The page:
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WV Democrats Say No to Vote on Drug Testing Bill

 
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03/31/2009 10:24 PM
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WV Democrats Say No to Vote on Drug Testing Bill
WV Democrats Say No to Vote on Drug Testing Bill
Brian Caldwell, who told reporters he often swapped food stamps for drugs, typically $100 in stamps for $50 in narcotics, and that his own experience taught him most people were doing as he did

By Mannix Porterfield
Register-Herald Reporter

CHARLESTON — Avoiding controversy for the second day running, House Democrats refused Tuesday to allow a vote on proposed drug testing of folks on public assistance — an idea that has gained national attention.

In one final appeal, the bill’s architect, Delegate Craig Blair, warned West Virginia was mired in a drug “crisis” and said his legislation was intended to wean addicts off narcotics while saving money for the unemployment compensation fund.

Blair wanted to impose random testing on anyone getting a welfare check, food stamps and unemployment benefits.

One positive test would have given them two months to come clean, but if a second exam likewise exposed drug abuse, the recipient would have been shut off from the dole.

Only a day earlier, again voting almost exclusively along party lines, the House refused to let the chamber vote on giving West Virginians the chance to vote on a constitutional amendment defining marriage as an act between “one man, one woman.”

The vote on Blair’s “two strikes and you’re out bill,” one that thrust him into the newsrooms of CNN and Fox News, was almost identical.

In fact, the only Democrat again joining the Republicans — Tom Louisos of Fayette County.

Before the vote, Louisos was still seething about the failure of his party to vote on the marriage amendment.

More than 50,000 hits were recorded on Blair’s special Web site, www.notwithmytaxdollars, he dedicated to the bill, and the delegate said he got 5,000 e-mails and “phone calls I can’t even begin to count.”

By disallowing a vote, Blair said, the Democrats had thwarted the will of most West Virginians.

Blair tried to dislodge HB3007 from the judiciary committee, where Chair Carrie Webster, D-Kanawha, had kept it bottled up since day one of this session.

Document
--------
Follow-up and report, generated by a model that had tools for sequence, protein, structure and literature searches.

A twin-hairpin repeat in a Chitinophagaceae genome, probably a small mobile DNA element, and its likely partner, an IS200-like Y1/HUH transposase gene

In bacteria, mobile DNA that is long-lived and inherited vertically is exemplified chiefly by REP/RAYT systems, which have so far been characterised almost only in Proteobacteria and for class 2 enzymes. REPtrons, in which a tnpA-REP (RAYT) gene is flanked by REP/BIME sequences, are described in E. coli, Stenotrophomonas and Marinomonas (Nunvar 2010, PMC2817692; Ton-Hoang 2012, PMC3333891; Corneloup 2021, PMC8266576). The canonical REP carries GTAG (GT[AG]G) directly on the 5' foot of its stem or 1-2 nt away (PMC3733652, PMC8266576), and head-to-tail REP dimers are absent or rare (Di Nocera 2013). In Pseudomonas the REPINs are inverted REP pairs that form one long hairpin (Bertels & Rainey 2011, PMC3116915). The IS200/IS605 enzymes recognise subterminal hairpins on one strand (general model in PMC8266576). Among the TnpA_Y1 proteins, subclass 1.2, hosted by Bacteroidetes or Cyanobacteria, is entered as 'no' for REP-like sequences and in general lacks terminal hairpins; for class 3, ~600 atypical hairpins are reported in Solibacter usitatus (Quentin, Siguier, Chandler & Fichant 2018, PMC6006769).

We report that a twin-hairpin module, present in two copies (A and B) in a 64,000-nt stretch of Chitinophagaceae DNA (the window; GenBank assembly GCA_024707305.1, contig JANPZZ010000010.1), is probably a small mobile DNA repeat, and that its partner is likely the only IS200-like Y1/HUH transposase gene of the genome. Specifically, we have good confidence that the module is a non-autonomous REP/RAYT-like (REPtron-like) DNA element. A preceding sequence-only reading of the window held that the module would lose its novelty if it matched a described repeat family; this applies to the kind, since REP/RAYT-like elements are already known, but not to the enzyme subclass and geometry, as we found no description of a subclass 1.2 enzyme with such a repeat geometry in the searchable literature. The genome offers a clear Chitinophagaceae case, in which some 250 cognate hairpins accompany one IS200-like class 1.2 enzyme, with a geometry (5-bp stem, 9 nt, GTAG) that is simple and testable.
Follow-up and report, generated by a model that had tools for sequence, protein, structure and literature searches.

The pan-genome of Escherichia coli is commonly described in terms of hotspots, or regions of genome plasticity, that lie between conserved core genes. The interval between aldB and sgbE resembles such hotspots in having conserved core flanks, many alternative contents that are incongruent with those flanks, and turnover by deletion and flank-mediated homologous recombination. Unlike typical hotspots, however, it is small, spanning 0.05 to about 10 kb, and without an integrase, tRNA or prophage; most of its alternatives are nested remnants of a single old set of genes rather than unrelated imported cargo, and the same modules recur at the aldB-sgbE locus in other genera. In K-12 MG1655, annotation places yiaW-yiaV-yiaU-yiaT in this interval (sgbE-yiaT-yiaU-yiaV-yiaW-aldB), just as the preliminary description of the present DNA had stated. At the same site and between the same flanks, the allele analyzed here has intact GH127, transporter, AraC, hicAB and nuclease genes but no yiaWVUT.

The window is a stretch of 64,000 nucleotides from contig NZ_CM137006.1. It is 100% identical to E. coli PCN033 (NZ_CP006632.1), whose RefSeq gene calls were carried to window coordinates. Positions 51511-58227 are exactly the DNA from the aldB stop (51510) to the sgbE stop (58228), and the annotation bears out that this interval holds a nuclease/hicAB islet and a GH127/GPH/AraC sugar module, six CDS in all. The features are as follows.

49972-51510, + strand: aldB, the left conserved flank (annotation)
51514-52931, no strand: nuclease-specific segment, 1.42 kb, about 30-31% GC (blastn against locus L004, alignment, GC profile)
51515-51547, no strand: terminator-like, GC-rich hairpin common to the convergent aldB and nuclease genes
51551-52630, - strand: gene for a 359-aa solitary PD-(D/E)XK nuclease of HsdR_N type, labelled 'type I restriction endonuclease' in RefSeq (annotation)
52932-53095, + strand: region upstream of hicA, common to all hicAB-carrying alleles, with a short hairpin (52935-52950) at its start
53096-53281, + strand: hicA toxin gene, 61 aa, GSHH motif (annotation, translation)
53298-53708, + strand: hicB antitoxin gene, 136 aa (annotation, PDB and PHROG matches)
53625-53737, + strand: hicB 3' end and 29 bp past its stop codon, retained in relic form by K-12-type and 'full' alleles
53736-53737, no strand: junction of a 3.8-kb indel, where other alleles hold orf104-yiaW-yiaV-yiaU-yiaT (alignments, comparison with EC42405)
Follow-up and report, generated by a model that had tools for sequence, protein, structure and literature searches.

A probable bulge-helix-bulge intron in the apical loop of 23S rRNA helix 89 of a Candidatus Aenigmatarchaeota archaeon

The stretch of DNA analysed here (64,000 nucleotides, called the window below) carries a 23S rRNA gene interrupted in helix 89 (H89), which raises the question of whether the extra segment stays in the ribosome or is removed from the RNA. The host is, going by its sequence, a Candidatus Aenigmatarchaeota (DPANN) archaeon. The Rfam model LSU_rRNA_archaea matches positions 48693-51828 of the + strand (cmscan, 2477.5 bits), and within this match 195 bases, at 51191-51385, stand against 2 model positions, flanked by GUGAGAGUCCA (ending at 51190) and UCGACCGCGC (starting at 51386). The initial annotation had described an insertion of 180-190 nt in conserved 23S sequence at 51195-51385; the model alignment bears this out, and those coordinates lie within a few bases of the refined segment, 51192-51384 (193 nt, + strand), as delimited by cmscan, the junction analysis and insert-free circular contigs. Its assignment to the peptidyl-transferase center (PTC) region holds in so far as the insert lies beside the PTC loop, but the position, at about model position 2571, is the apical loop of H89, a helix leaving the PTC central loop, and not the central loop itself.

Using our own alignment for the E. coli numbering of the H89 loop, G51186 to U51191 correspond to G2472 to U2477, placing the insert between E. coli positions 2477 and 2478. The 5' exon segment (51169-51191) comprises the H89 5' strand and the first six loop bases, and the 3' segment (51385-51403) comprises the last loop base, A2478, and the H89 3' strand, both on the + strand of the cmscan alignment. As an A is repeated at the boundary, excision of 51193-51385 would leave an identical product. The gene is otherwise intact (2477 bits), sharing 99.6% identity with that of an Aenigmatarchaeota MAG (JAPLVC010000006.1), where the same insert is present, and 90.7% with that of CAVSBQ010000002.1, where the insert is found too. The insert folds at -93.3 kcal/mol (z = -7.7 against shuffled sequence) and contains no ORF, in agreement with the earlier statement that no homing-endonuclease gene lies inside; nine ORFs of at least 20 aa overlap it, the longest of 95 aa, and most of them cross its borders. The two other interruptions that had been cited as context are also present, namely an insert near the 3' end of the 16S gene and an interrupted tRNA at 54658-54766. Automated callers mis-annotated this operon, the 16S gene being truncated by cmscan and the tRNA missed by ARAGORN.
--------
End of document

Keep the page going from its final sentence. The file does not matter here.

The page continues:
“The vast number of people have told me, ‘If I’m drug-tested to go to work, certainly the people that are receiving my tax dollars I pay into have to do this,’” Blair said in his floor speech.

Blair said his intention was to get people unhooked so they could re-enter the workforce and simultaneously spare children who would be born addicted to drugs.

“Without question, we are in a crisis situation in West Virginia as well as throughout the United States with drug abuse,” the Eastern Panhandle lawmaker said.

Blair fired back at critics who accused him of targeting the poor.

“That is false,” he said. “This is trying to make sure that we’re going to have the resources for those that are truly in need.”

Opposition came largely from the West Virginia Council of Churches and several labor groups.

Some lawmakers felt the testing would be costly, but Blair said it would cost far more to treat children over a lifetime that were born addicted.

“We all know what the backside expenses are when it comes to talking about our children and children of drug-addicted families where the neighbors or grandparents are actually feeding these children,” he said.

The vote crushing his bid for a floor vote came after Blair warned he would amend the bill so that “politicians and legislators” would be tested as well, as one citizen advised him.

“We should be leading by example,” Blair said.

Blair’s only remaining gambit — a remote one, at that — is to attempt to amend his bill into other legislation, such as the unemployment bill.

Before the vote, Delegate John Overington, R-Berkeley, the longest-serving member of the House, chastised Speaker Rick Thompson, D-Wayne, suggesting he broke his pledge in seeking the gavel to assure free and open debate.

“To be shutting debate before debate occurs, as happened yesterday, is just unconscionable to an open and transparent process,” Overington said.

“All voices should be allowed to be heard and represented.”

[link to www.register-herald.com]





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